For the longest time, there was something that really bothered me about a serious life of faith: the rules. The Catholic Church has a lot of rules, doesn’t it? A list of random things that some old guys in Rome made up just to make our lives miserable and to exert control over us, right?

Wrong.

For as long as I can remember, I have always considered myself an independent person – an independent woman; someone who prides herself on being able to ask questions, get answers, and make an informed decision; someone who understands what it means to stand up for what is right, even when it is unpopular. Several years ago, when push came to shove, I found myself stuck in the “why” of a life of faith. Why should I lay it all on the line for a serious life of faith when I didn’t even know if I was sure there was a Church that loved me?

Why go to Mass every Sunday when I could find God in nature, in my friends, or in a song?

Why read the Bible when I don’t really understand half of it anyways? (For the record, most days I still feel like I don’t understand even half lot of it . . .)

Why listen to what an archaic institution says about my reproductive health?

Why set myself apart as a young person of faith when it would be a lot easier to keep doing what I want to do, on my terms?

Why, why, why?

Why? Because a life of faith is not about the why, it is about the Who.

Every question I had that started with a “why” needed to resolve itself In the “Who” – the person of Jesus Christ.

Scripture tells us – pretty explicitly – that Jesus Christ Himself, through His life, mission, and public ministry, left us a set of rules; a set of rules that would be guarded by a Church, and handed on through the apostles and the successors of the apostles. (Matthew 16:18)

Once I began to understand this, everything changed. Not only did I actually make the effort to discover why the Church teaches what it does, I also made a conscious effort to get to know the person of Jesus Christ.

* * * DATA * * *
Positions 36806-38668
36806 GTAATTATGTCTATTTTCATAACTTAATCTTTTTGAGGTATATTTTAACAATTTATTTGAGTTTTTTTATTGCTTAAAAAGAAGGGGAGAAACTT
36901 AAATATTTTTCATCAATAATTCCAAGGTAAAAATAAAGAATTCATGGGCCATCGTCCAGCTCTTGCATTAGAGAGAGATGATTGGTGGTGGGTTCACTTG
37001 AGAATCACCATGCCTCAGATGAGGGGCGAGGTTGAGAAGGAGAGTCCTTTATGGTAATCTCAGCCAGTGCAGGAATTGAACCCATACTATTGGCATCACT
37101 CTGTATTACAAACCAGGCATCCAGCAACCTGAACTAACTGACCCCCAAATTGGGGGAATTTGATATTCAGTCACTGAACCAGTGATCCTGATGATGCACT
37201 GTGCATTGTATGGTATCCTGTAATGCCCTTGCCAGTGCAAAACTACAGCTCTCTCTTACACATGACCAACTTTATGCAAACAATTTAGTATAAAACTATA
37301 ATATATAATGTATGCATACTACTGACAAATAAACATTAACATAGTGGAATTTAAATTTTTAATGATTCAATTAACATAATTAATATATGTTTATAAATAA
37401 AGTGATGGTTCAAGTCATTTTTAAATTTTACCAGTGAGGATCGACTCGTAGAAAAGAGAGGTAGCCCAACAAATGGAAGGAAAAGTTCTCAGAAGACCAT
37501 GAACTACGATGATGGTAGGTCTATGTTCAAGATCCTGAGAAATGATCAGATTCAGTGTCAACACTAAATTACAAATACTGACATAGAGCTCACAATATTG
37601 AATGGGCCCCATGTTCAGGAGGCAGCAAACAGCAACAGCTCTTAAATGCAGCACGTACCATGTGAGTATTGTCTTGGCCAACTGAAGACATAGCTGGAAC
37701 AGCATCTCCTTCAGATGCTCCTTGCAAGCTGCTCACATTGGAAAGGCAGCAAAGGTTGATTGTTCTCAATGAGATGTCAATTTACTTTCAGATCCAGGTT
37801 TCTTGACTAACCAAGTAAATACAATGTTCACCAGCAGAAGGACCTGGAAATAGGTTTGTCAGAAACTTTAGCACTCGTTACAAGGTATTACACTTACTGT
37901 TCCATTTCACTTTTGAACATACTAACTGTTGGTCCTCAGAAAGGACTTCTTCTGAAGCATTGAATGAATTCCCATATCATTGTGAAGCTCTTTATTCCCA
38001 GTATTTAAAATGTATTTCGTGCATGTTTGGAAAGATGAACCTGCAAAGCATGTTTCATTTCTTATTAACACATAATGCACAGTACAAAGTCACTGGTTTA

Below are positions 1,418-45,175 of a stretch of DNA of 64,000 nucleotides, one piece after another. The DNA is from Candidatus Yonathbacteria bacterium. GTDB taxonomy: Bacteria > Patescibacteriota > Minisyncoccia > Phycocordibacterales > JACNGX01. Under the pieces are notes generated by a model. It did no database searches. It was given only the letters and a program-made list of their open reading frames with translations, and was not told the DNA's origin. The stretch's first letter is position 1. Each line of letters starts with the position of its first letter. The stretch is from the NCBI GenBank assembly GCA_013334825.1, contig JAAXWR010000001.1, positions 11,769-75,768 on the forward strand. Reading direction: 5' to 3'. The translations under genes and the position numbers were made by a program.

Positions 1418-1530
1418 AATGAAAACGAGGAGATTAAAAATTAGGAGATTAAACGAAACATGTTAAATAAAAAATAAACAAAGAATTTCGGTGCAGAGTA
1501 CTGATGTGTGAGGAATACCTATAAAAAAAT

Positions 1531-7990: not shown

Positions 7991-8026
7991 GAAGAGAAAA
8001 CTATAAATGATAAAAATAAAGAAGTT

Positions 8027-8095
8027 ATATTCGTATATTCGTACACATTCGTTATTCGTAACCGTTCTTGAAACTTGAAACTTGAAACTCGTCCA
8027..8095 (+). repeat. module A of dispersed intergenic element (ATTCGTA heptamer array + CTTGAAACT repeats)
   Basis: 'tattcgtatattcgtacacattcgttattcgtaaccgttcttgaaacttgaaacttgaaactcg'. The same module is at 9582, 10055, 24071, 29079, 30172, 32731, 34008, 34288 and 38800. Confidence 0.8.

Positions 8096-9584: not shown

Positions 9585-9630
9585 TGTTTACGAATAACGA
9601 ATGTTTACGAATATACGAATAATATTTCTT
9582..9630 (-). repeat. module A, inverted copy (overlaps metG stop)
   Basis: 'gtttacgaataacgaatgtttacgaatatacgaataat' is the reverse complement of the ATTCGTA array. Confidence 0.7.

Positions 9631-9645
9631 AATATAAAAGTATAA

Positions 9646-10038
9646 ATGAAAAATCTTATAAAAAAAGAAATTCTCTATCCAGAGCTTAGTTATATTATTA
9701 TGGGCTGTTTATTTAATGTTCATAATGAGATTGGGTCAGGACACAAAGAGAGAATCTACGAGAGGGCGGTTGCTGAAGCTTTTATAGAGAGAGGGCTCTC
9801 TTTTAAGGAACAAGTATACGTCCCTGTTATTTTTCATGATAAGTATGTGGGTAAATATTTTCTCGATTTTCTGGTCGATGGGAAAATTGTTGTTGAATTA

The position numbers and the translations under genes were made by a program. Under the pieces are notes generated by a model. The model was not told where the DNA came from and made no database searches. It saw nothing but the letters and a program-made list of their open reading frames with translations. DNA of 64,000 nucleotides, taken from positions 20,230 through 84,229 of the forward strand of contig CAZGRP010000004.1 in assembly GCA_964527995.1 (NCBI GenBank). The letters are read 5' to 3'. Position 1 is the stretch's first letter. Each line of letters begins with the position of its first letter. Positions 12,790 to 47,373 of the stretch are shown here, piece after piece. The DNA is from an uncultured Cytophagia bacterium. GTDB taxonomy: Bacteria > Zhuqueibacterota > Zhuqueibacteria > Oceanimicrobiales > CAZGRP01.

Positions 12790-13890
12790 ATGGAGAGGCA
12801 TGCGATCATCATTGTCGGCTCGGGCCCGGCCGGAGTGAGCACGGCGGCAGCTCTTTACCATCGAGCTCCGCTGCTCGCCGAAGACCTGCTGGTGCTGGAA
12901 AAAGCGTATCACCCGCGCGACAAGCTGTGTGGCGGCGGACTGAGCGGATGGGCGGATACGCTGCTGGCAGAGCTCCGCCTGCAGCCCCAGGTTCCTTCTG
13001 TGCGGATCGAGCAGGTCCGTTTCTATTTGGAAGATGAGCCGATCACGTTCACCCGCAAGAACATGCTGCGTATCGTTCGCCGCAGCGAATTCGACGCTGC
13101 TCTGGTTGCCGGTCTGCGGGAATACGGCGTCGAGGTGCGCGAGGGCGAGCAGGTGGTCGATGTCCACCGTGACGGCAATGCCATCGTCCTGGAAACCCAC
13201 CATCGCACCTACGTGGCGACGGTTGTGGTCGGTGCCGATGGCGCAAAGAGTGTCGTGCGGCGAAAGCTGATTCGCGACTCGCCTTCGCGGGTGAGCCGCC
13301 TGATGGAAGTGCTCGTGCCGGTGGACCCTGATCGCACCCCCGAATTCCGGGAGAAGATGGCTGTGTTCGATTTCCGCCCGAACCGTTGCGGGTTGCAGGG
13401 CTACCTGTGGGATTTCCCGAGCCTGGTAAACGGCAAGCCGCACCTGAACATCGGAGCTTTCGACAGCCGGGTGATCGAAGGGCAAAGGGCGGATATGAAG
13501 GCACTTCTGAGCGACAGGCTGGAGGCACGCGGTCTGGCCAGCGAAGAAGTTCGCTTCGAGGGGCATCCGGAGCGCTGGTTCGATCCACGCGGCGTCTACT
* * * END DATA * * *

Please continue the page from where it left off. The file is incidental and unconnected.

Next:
And you know what? I have never been happier. I have found more joy in this set of rules than I ever thought possible. God, in His infinite wisdom, knew that we could never do it on our own; He knew that a life of faith was never going to be easy, and He knew that we would always need His help.

Is it easy admitting that I have been wrong or admitting that the Church really does know best? No. Are there those that look at me like I have six heads when I tell them that I go to Mass every Sunday (every day, even!), that I’m not using birth control, that I believe that there is a God who came from Heaven to earth to form a personal relationship with us, and that I’m now working full-time for the Church? Yes. Does any of that matter? NO!

It doesn’t matter because I know that there is joy to be found in a life lived for Christ. I know that there is joy to be found in living out the Christian life authentically – in leading moral lives, and doing everything rooted in prayer. I know all of this because I have felt it – the answer to all of my questions has been there all along. The rules that Church puts into place, the standards we are asked to uphold, the charity we are asked to exhibit are all aimed to point us to the Who – and that is the person of Jesus Christ.

So. Here I am – in a place I never thought I would be. A 22-year old rule-follower. I’m in – hook, line, and sinker. And not only am I all in, I have never been happier.